ZoŽ is set to star as Lorna in the world premiere of Nick Payne's Elegy, at London's Donmar Warehouse. The play will also feature Barbara Flynn and Nina Sosanya; the director is Josie Rourke. Elegy is described by the Donmar as 'the beautiful and moving story of three women who've made the choice between love and survival'.
The news has attracted considerable attention from the press, with articles published by The Stage, Time Out, Daily Mail, BroadwayWorld.com, Official London Theatre, Whatsonstage.com, LondonTheatre.co.uk, West End Frame and others.
Elegy will run from 21 April to 18 June. Tickets are available but selling quickly, and so I'd suggest that you book soon, if possible.
15 January 2016 14:18
ZoŽ has paid tribute in the Guardian to her late friend and colleague, Alan Rickman, who has sadly died of cancer aged 69. She praises him as 'a kind of colossus', who was 'funny, smart, kind, generous'.
ZoŽ recalls working with the 'fearless' Rickman on the tremendously successful 2001 film, Harry Potter and the Philosopher's Stone, as well as much earlier in their careers, namely at the Royal Shakespeare Company. They both starred in the RSC's 1978 production of Captain Swing, which explored the nineteenth-century Swing Riots. The photo above shows ZoŽ, Rickman and other cast members on stage.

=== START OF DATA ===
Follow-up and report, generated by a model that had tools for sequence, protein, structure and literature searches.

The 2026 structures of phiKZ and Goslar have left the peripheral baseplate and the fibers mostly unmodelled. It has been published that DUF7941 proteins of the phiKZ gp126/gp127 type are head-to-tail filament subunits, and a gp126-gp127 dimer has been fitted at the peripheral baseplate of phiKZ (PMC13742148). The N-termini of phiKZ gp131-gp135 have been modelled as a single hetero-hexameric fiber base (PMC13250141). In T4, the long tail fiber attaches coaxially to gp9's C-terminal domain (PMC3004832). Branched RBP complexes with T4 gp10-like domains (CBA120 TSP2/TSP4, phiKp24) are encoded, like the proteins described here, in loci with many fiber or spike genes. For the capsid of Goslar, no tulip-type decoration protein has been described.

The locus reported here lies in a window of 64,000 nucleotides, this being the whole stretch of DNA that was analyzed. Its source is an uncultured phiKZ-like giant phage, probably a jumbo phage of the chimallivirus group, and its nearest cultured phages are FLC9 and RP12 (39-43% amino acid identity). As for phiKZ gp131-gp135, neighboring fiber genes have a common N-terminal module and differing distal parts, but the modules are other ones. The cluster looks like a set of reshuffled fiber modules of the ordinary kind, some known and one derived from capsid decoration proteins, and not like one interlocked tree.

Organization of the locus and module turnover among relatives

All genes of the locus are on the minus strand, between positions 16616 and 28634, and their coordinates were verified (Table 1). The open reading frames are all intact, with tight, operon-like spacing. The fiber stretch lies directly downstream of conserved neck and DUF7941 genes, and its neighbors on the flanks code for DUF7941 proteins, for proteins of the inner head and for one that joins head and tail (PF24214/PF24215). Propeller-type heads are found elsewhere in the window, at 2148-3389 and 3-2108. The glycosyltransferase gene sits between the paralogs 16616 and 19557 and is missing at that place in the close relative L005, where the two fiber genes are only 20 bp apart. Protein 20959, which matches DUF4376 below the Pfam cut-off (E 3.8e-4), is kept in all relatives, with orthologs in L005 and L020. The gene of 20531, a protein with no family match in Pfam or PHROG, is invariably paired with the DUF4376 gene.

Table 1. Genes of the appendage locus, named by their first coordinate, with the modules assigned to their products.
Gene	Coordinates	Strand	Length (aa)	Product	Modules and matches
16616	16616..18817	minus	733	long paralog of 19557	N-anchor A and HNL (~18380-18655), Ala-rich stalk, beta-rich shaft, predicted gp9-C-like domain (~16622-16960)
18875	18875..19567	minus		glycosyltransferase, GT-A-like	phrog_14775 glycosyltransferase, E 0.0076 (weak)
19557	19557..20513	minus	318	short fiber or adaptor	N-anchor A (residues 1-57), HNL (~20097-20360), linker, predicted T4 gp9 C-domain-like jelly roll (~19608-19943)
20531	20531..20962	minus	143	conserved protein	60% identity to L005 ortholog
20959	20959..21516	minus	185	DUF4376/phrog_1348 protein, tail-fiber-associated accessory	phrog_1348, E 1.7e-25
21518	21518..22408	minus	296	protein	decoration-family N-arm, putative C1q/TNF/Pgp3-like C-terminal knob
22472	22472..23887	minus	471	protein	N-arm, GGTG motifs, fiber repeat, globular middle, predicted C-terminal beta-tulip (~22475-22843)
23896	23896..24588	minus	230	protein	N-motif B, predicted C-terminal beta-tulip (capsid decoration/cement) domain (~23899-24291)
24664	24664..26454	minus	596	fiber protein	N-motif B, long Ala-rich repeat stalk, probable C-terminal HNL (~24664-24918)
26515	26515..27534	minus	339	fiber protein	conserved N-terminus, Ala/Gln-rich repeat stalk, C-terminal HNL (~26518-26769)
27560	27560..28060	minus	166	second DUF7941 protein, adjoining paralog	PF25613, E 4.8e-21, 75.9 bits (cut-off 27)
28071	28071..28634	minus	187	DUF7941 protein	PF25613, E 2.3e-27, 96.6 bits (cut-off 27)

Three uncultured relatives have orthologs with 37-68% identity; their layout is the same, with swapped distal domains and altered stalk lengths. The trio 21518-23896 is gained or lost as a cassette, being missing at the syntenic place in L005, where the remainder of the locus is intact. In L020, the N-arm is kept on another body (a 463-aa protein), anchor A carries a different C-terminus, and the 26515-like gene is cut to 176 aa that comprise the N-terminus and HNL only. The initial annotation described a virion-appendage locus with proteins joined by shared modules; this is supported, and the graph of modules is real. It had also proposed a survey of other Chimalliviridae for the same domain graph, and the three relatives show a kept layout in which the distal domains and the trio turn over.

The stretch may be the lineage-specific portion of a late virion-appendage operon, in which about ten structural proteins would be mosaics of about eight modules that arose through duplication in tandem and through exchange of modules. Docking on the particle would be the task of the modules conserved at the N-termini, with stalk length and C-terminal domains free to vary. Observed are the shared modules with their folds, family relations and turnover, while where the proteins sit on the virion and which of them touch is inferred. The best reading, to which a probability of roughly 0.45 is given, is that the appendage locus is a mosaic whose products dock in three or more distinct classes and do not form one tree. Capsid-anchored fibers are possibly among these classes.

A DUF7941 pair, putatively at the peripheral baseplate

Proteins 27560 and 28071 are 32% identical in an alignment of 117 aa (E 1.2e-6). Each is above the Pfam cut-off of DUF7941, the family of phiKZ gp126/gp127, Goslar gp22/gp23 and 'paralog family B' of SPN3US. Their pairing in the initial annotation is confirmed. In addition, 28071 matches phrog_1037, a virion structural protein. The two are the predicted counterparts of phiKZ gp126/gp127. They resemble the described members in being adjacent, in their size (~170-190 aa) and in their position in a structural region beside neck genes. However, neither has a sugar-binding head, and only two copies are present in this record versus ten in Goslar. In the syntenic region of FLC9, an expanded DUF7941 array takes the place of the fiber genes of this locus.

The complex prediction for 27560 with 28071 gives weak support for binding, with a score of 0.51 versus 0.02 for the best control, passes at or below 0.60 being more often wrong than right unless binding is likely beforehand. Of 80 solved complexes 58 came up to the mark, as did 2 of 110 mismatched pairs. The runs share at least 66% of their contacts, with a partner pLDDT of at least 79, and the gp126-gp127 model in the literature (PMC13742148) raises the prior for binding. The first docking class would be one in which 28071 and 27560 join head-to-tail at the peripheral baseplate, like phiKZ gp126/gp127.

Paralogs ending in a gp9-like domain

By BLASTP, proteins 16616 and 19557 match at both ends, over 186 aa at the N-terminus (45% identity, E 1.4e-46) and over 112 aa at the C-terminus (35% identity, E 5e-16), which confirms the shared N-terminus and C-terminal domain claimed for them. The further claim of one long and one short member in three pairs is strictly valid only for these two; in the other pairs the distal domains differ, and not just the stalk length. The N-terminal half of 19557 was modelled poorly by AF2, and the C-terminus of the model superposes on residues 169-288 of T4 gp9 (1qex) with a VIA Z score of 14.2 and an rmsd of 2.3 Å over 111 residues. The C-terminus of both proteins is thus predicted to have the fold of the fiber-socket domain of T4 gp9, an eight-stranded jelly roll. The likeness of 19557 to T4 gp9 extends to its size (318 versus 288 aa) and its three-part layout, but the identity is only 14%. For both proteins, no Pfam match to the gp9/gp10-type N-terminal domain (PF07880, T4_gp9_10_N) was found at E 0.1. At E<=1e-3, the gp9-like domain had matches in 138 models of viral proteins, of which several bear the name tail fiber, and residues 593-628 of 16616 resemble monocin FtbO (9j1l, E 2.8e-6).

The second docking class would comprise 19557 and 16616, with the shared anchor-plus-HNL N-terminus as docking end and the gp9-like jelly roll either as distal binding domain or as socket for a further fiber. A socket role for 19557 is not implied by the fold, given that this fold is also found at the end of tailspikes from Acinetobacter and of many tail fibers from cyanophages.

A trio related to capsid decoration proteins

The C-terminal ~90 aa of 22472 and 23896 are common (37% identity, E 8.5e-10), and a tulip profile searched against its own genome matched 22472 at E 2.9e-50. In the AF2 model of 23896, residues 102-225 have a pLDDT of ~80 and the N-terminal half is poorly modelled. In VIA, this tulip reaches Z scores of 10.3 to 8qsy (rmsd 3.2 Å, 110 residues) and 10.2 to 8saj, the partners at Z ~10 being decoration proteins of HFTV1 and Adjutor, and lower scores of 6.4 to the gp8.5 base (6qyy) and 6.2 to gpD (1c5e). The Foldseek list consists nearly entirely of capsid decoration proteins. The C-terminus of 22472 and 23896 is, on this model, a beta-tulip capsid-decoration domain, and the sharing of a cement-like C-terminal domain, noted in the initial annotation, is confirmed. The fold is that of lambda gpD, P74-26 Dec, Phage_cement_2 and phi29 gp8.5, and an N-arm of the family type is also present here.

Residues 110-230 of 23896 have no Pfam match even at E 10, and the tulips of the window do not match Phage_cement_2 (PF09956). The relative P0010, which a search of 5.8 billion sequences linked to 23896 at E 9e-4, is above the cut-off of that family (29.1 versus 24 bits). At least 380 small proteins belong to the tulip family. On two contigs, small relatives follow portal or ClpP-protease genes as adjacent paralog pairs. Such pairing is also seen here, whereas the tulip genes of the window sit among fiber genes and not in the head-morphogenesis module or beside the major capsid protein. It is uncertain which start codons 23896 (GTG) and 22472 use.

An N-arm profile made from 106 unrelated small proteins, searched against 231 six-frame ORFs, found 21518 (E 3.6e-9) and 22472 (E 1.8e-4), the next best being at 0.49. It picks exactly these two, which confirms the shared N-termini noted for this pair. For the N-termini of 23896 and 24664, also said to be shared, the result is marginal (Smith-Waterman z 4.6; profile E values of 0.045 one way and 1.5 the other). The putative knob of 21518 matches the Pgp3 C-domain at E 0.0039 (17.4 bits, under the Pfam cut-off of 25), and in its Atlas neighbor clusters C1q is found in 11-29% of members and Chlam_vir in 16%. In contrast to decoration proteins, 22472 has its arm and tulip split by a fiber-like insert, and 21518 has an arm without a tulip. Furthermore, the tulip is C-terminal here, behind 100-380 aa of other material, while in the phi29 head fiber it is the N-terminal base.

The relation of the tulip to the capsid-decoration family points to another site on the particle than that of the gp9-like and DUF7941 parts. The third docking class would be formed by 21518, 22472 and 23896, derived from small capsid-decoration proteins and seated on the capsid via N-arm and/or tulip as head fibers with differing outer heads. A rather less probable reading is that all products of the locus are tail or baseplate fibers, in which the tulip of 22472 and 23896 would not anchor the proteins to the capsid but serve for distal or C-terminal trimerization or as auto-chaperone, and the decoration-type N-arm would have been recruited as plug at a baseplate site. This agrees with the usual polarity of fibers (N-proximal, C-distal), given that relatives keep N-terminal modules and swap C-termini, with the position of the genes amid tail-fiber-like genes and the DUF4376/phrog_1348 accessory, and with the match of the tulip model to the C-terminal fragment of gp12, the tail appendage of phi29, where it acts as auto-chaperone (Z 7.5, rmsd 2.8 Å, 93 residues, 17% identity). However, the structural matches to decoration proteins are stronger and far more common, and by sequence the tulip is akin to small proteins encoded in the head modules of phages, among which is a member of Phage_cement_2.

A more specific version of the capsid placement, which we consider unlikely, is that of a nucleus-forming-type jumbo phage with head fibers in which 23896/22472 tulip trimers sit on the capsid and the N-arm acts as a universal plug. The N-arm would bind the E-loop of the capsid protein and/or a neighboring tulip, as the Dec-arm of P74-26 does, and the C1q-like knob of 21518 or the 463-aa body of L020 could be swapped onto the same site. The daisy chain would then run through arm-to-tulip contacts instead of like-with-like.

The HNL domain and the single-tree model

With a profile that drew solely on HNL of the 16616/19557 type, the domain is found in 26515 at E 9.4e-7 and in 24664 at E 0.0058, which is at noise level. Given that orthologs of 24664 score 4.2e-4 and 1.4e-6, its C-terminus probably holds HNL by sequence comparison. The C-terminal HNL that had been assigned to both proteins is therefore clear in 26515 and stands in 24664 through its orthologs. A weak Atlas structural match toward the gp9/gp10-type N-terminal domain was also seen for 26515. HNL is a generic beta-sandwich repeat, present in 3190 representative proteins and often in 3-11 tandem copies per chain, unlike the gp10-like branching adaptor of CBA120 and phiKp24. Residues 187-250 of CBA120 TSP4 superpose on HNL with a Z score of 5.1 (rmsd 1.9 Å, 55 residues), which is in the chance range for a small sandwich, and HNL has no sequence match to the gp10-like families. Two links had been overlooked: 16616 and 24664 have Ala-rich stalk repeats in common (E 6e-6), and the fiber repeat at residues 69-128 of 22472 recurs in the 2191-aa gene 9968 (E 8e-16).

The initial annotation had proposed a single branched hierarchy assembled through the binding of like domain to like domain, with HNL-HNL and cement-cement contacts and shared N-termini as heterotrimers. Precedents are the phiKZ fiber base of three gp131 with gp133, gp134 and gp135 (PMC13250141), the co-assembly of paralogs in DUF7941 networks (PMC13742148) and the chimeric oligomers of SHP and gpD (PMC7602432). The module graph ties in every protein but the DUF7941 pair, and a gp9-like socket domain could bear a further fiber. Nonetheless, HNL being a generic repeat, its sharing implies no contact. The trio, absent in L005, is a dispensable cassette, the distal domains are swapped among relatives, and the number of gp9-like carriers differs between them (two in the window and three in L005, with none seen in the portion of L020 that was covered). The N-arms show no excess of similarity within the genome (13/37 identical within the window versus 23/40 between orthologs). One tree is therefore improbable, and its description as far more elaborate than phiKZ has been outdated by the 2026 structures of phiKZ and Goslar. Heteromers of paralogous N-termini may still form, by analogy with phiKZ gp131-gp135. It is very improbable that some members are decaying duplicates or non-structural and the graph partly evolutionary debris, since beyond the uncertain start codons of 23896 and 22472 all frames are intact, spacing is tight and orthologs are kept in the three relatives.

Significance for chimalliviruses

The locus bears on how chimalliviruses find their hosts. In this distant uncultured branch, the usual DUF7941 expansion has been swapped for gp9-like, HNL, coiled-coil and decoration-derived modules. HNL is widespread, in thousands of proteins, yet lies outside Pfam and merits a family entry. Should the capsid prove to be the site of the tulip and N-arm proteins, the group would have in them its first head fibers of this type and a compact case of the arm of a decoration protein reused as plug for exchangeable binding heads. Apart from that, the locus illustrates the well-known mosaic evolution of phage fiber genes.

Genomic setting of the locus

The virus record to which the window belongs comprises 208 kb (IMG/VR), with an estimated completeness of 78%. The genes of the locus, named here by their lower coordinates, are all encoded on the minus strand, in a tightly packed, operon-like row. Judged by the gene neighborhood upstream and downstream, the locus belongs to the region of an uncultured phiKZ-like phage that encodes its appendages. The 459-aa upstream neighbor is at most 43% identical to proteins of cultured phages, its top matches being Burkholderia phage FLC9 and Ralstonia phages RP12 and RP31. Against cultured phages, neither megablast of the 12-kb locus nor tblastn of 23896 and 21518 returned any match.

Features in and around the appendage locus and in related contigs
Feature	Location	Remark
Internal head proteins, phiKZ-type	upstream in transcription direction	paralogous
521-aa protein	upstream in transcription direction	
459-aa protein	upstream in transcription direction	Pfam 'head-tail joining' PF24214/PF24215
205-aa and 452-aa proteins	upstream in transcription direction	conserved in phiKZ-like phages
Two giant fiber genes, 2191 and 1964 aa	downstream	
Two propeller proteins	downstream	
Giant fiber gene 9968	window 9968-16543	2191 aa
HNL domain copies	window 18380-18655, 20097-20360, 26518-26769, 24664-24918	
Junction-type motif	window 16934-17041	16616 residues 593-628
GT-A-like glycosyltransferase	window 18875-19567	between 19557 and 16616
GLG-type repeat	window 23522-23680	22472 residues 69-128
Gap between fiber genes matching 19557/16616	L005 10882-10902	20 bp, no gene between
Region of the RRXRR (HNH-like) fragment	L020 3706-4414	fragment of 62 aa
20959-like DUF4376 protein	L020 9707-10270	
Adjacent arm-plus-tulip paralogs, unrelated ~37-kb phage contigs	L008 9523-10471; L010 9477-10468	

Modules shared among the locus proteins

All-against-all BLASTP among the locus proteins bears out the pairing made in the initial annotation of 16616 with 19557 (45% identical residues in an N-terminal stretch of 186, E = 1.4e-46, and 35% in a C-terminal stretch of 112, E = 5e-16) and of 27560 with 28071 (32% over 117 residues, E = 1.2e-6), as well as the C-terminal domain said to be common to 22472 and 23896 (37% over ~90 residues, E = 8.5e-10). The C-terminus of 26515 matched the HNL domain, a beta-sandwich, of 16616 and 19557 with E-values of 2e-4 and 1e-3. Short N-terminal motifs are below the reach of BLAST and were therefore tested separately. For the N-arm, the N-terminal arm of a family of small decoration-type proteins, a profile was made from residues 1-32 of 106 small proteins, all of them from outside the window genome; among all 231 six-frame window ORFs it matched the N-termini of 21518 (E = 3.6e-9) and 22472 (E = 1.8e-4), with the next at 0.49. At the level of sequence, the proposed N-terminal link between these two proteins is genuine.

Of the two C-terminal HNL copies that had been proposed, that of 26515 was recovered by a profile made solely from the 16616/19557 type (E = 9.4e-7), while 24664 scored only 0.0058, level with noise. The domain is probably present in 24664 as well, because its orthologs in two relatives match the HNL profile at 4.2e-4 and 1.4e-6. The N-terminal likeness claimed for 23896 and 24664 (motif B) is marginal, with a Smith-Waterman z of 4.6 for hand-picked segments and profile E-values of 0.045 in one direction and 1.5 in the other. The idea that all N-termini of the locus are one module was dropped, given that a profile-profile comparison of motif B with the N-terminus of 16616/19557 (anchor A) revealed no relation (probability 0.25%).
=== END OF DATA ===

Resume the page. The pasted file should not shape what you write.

You can read ZoŽ's full tribute, alongside many others, on the Guardian's website.
13 January 2016 19:45
This evening, ZoŽ, Kenneth Branagh and the rest of the cast give their final performance of All On Her Own/Harlequinade. The Terence Rattigan double bill, which encompasses both drama and comedy, has been playing to delighted audiences at London's Garrick Theatre since October and earned excellent reviews.
Another successful production is celebrated in the latest issue of the TV Times (dated 16-22 January). The magazine remembers Tessa and Frank's magical wedding in Love Hurts, the hugely successful drama in which ZoŽ starred alongside Adam Faith. Hard to believe the wedding was filmed more than 20 years ago, isn't it!
Meanwhile, ZoŽ has been photographed showing her support for The Great British Brekkie 2016, a breakfast-themed fundraising event that will take place from 8-14 February. Money raised will help charity Winston's Wish to support bereaved children. If you'd like to find out more or get involved, please see The Great British Brekkie's website.